We need consistency in our fights for justice

Imlisanen Jamir

In Nagaland, a land known for its sometimes vigorous civil society, the clamor for justice and condemnation of injustices is a familiar refrain. Whenever incidents of crime or injustice occur, countless organizations rush to send press releases, demanding retribution and advocating for the victims. This display of collective outrage is often laudable, but a closer examination reveals a troubling pattern – one that questions the selectivity of our righteous indignation.

A recent incident in Dimapur serves as a stark example. On the fateful morning of September 3, a horrifying incident unfolded as a speeding car struck a 53-year-old woman, tragically ending her life. The entire incident was captured on CCTV, and the visuals quickly went viral on social media, prompting an outpouring of condemnation from the public online. Yet, amidst this wave of outrage, the conspicuous absence of customary press releases from prominent civil society organizations and apex bodies raises significant concerns.

It is not our intention to question the motives or integrity of these organizations. Still, we must ponder why, in a case where evidence clearly suggests criminal negligence on the part of the driver, there was a noticeable silence. When organizations routinely issue calls for justice and demand punishment for wrongdoers, why was this incident treated differently?

In countless instances, our media inboxes overflow with condemnations, each following a predictable pattern of words and lines. Some go so far as to demand capital punishment and urge authorities not to grant bail to the accused. While passionate advocacy for justice is essential, it is equally crucial that we exercise restraint and respect for due process, even in the most extreme cases.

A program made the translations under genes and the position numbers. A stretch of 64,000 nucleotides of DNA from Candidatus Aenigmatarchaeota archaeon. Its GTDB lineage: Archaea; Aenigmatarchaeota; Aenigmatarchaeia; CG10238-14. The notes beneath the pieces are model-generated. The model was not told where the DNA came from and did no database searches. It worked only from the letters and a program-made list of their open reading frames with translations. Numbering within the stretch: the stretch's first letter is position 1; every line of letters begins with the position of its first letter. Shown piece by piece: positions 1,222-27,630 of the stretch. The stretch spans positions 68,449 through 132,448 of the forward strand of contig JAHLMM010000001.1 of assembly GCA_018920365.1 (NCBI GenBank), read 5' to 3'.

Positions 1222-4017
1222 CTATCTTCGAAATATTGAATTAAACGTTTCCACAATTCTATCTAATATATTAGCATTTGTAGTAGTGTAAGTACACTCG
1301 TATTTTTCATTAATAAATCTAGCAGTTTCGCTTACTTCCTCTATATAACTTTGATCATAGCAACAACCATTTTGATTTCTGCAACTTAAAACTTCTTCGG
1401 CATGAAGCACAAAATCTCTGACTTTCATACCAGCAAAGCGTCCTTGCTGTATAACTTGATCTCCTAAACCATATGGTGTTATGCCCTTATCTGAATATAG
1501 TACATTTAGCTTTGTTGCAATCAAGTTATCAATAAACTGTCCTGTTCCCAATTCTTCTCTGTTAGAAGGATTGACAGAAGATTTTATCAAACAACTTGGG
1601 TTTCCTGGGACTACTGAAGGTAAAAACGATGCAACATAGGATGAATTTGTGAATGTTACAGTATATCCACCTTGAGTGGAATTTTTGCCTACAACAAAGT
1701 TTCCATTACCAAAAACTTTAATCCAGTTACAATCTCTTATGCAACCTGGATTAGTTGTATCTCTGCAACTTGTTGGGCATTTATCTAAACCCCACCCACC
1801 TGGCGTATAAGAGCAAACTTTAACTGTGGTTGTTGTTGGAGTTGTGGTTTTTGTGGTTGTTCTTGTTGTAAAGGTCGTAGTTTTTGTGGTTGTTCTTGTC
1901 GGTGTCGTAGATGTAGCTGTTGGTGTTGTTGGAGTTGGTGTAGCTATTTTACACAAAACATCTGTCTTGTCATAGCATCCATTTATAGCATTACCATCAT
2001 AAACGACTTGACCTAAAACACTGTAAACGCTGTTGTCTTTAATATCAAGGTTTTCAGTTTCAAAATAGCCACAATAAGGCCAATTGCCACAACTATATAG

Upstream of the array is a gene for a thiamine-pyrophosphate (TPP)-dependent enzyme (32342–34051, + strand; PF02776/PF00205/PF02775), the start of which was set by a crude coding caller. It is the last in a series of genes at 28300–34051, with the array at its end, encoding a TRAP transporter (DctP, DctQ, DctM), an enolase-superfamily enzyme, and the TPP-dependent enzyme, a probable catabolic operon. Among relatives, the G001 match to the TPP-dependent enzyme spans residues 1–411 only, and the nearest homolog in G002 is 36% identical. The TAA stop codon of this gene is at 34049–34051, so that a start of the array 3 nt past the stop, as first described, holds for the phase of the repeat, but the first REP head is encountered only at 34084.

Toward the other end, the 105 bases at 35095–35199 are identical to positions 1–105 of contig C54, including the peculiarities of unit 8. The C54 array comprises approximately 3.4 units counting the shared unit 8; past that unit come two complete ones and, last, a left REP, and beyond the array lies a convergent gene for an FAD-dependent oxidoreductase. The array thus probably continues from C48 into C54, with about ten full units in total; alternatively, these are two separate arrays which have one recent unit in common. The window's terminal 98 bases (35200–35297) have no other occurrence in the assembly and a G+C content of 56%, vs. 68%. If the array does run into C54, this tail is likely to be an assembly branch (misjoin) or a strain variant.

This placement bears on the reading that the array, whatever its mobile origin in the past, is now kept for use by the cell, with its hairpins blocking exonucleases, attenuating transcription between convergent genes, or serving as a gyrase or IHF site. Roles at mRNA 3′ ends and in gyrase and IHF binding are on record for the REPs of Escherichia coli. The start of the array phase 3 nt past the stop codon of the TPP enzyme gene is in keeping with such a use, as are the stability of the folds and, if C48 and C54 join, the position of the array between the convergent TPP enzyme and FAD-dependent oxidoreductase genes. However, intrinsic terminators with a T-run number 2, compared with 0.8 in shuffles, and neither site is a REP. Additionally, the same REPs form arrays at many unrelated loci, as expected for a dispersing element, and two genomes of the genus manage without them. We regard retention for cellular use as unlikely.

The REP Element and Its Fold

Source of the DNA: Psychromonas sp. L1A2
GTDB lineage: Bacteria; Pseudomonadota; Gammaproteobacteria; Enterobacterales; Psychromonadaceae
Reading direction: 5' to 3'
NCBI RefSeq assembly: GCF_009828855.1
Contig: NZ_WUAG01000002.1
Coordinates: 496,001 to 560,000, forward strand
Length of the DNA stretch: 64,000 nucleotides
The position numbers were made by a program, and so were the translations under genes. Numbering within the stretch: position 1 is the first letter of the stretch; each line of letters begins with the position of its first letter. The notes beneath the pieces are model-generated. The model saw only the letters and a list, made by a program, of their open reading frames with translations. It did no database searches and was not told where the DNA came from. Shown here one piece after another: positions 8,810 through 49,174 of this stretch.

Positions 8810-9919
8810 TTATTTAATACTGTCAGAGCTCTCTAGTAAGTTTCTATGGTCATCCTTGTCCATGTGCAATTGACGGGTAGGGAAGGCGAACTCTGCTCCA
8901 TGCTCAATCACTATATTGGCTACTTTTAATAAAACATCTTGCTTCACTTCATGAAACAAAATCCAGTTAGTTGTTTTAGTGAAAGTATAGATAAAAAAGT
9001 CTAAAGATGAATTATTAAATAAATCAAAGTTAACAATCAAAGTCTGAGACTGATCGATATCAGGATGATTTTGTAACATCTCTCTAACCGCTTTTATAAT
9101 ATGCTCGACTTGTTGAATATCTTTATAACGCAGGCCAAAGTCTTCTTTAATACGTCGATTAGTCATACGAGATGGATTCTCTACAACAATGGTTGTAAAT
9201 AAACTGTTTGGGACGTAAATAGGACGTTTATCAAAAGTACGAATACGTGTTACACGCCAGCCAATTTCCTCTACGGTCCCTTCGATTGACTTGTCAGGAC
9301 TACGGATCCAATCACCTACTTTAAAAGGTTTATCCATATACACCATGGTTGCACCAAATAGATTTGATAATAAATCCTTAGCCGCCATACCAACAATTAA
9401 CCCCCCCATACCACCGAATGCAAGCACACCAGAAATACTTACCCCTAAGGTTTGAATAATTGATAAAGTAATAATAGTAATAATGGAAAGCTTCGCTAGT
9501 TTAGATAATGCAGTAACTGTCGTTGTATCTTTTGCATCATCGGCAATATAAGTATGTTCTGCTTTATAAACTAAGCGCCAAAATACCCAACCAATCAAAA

However, the silence in this particular case forces us to confront uncomfortable questions. Were the identities and backgrounds of the victim and the accused factors in the absence of vocal demands for justice? We also cannot ignore the historical precedence of such situations in Nagaland. Instances where the victim's ethnicity has influenced the public's response to a crime have regrettably occurred in the past.

Selective outrage not only undermines the credibility of civil society organizations but also perpetuates division within our diverse society. Instead of being guided by who the individuals involved are, we should be consistent in our pursuit of justice, irrespective of the identities of the victim or the accused.

In a society that hopefully values diversity, it is incumbent upon us all to rise above selective outrage and advocate for justice without bias. Every life holds intrinsic value and every perpetrator of a crime must be held accountable for their actions.

Civil society has the potential to be a powerful force for positive change, but to realize this potential fully we must demonstrate unwavering commitment to justice for all. Our collective strength lies in our ability to stand together, without prejudice, and demand a fair and just society for everyone.

Comments can be sent to imlisanenjamir@gmail.com